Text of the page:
Ocean Kinetics - The Engineering Experts

Energy / SSE takes control of Viking Energy wind farm project

The view of the original Viking Energy wind farm proposal looking east towards Aith. Some of these turbines have now been removed. Image Viking Energy
A view of the planned Viking Energy wind farm from Aith.

A DEAL has been struck which will see energy giant SSE providing all of the future finance required to build the Viking Energy wind farm should the project be successful in attracting government subsidy.

It means that SSE’s long standing partner Viking Energy Shetland, which is 90 per cent owned by Shetland Charitable Trust (SCT), will lose influence on the project as SSE invests more into the 450 megawatt wind farm.

Vice chairman of anti-Viking campaign group Sustainable Shetland James Mackenzie said the latest development meant the “end of the much trumpeted ‘community’ wind farm”.

SCT chairman Bobby Hunter said SSE would become the controlling shareholder of the project, but SCT, through its £10 million investment, would retain some influence.

“At the same time, the trust is not required to commit further capital sums to the project,” he said.

He insisted the community would continue to own a stake in the planned wind farm, which, he said, would earn a substantial return for the trust in addition to other spin-offs such as community benefit payments, estimated to be in the region of £2.2 million per annum, rental income to Shetland Islands Council as the main landowner, as well as job creation.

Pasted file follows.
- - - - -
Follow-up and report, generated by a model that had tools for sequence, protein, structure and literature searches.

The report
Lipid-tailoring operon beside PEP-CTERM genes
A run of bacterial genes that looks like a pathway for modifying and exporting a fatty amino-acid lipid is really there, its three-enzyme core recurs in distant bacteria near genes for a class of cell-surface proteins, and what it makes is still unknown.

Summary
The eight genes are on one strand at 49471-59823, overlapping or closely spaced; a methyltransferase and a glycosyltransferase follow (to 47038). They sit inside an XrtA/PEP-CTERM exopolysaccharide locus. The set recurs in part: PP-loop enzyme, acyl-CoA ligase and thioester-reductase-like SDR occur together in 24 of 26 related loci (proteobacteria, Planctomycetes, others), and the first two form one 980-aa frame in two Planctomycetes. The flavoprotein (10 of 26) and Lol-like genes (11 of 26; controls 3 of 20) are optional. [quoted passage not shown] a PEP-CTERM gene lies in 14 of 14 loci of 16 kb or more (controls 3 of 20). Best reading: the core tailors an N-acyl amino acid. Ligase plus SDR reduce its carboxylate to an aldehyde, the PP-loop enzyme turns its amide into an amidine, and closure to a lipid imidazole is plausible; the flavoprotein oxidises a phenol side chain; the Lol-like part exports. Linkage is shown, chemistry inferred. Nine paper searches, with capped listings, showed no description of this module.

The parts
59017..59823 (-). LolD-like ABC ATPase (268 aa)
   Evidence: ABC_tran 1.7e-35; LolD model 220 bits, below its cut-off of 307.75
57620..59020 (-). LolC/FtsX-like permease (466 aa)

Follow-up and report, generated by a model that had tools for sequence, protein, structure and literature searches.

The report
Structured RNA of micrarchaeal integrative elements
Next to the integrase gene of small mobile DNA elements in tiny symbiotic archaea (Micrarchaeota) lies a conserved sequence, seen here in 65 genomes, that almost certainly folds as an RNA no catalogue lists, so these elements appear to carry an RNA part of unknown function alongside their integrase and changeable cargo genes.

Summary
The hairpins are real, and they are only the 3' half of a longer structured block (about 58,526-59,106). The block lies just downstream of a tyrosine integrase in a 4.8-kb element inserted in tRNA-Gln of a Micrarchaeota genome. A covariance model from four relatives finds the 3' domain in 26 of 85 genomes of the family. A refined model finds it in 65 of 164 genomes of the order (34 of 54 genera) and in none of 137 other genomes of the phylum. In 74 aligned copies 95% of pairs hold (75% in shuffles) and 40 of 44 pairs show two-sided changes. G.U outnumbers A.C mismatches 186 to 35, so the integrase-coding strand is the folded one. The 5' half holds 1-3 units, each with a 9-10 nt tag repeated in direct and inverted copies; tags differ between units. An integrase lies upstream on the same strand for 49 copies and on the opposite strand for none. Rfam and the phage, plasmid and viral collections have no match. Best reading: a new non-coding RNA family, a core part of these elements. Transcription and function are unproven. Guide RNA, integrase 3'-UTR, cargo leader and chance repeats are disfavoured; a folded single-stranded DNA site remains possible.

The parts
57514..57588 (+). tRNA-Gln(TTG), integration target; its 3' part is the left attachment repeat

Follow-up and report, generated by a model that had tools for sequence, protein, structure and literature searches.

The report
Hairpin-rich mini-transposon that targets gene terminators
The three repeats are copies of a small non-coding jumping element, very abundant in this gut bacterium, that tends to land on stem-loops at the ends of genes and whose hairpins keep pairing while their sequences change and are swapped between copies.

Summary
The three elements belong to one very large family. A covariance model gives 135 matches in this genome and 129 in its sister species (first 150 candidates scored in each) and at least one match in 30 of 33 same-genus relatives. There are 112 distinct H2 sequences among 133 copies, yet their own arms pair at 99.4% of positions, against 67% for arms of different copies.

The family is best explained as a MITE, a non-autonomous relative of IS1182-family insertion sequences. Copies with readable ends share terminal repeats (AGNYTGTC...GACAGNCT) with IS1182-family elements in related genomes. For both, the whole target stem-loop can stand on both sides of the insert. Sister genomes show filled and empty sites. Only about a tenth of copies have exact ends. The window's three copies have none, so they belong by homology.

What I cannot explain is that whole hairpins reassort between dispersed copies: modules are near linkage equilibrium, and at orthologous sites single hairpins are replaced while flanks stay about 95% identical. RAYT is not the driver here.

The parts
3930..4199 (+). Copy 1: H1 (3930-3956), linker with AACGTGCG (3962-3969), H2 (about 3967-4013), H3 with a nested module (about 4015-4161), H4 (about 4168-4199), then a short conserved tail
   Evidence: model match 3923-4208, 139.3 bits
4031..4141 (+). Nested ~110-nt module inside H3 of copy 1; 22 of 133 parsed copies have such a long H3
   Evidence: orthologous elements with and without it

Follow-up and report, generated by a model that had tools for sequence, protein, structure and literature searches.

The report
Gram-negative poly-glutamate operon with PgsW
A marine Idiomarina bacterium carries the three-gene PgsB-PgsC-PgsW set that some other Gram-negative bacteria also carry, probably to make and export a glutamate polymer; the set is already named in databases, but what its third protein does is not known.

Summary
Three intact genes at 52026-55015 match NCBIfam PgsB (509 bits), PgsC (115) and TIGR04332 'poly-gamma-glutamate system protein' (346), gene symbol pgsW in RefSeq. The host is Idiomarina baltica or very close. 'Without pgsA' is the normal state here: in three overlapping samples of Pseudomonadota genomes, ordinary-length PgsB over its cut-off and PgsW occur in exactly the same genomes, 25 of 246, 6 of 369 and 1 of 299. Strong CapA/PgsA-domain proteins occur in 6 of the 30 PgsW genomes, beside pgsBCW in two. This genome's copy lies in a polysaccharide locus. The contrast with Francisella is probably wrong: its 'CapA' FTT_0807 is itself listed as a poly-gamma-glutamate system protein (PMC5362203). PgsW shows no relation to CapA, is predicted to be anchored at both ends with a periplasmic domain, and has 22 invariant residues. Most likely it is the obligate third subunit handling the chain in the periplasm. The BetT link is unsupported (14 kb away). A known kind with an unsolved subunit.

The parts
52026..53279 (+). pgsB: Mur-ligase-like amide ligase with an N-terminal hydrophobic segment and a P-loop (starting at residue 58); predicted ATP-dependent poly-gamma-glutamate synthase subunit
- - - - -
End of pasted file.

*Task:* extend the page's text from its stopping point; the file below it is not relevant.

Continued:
The charitable trust would earn a ‘preferred annual return’ on its investment but Hunter said it was not possible at the moment to give an accurate percentage rate as this depends – among other things – on the outcome of the Contracts for Difference (CfD) process.

Thursday’s announcement comes after Scottish ministers approved plans for the size of the Viking turbines to be increased from 145 metres to 155 metres.

The 103-turbine wind farm is dependent on winning government subsidy in the looming CfD auction, and on a £710m subsea interconnected cable being laid to the mainland to allow energy to be exported.

Hunter said: “There is a whole raft of areas that will bring economic benefit to the community, plus if the interconnector comes then more wind and tidal can be developed.”

To date, the project has been funded 50/50 by SSE and Viking Energy Shetland.

The other 10 per cent of Viking Energy Shetland is owned by Viking Wind Ltd, which was formed by people involved with the Burradale wind farm on the outskirts of Lerwick.

SSE said on Thursday that the Viking Energy wind farm would make a “significant contribution to Scotland’s decarbonisation targets and provide security of supply for Shetland through underpinning a new transmission link”.

“The project will also bring vital socio-economic benefits to the islands,” it added.

Sustainable Shetland chairman Frank Hay said the move didn’t surprise him at all as this was exactly what had anticipated.

Hay said that in a recent Ofgem consultation he had stated: “However, Shetland Charitable Trust which part owns Viking Energy may well decide to discontinue their involvement due to the financial risks associated with the huge investment that would be required.

“The likely outcome could be that partners SSE would buy out the SCT share and any community control would be lost.”